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Obama Prepares to Sign Stimulus Bill, Propose Housing Plan


U.S. President Barack Obama keeps the focus squarely on the troubled American economy this week as he signs a massive stimulus package into law, and announces steps to help the housing market.

The almost $790-billion stimulus bill is the biggest economic package ever passed by Congress.

The president's top White House advisor, David Axelrod, says its size befits the problem. He predicts the stimulus package will have an impact quickly. But he warns it will be difficult to undue all the economic damage that has already been done.

"As you know, the package will help fund infrastructure programs and other programs that are ready to go around the country," he said. "But it is going to take time for that to show up in the statistics."

Speaking on the Fox News Sunday television program, Axelrod said it is necessary to act aggressively to keep the situation from getting much worse.

"We are in the worst recession since World War II," he added. "And it took us a long time to get into this mess. It is going to take us a while to get out of it."

The president is going outside Washington to sign the stimulus bill into law.

Instead of a ceremony at the White House attended by politicians and dignitaries, Mr. Obama will put pen to paper on Tuesday in Denver, Colorado - the same city where he accepted the Democratic Party's presidential nomination in August.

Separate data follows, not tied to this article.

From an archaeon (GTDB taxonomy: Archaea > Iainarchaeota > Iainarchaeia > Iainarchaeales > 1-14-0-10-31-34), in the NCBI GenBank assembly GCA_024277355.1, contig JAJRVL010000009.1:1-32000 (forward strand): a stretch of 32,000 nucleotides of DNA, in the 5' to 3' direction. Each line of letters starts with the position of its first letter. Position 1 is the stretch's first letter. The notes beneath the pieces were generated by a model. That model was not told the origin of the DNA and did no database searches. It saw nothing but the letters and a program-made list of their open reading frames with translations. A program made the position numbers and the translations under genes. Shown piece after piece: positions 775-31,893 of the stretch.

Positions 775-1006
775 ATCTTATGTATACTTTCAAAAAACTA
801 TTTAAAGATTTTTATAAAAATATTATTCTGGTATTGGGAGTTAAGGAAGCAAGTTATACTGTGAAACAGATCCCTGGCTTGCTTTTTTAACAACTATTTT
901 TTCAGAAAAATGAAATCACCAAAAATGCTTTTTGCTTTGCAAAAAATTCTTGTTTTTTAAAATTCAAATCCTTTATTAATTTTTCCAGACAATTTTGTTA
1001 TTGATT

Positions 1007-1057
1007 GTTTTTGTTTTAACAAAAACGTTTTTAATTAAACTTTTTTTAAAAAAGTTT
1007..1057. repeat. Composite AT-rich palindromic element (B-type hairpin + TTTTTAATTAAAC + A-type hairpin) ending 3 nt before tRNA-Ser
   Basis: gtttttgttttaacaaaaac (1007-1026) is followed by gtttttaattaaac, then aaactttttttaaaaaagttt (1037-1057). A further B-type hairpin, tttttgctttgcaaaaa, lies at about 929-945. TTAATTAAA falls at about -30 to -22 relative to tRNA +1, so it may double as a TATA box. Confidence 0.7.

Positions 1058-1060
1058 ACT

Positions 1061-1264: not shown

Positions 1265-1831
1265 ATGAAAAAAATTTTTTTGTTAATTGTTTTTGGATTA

Press Secretary Robert Gibbs says the choice of Denver shows how important it is for the president to hear from people outside the nation's capital.

"He wants to get out of Washington and show people all across America the benefits of what is inside this economic recovery and reinvestment plan," said Gibbs.

Gibbs told the CBS program Face the Nation that the president will travel from Denver to Phoenix, Arizona where he will unveil his proposal to deal with the home mortgage foreclosure crisis.

It is the mess in the housing market that is widely regarded as the trigger behind the current economic recession. Banks put up millions of dollars in risky mortgage loans to home buyers who later found they could not keep up with the payments. Families lost their homes, and banks tightened credit, making it more difficult for others to borrow money.

Gibbs said the president will continue to reach out to Republicans as the administration puts together the details of the housing proposal. This, despite the fact the stimulus package got no Republican votes in the House of Representatives and only three in the Senate.

"He is going to continue to reach out to Republicans and he is hopeful Republicans will start to reach back," said Gibbs.

But Republicans are still angry over the stimulus package, which they say was rammed through Congress by the White House and the Democratic majority in the legislature.

Senator Lindsey Graham, a South Carolina Republican, told ABC's This Week the stimulus bill failed the bipartisanship test.

"There is nothing about this process that has been bipartisan. This is not change you can believe in," said Graham.

But Graham said he still hopes the two sides can come together when the president's housing proposal hits Capitol Hill.


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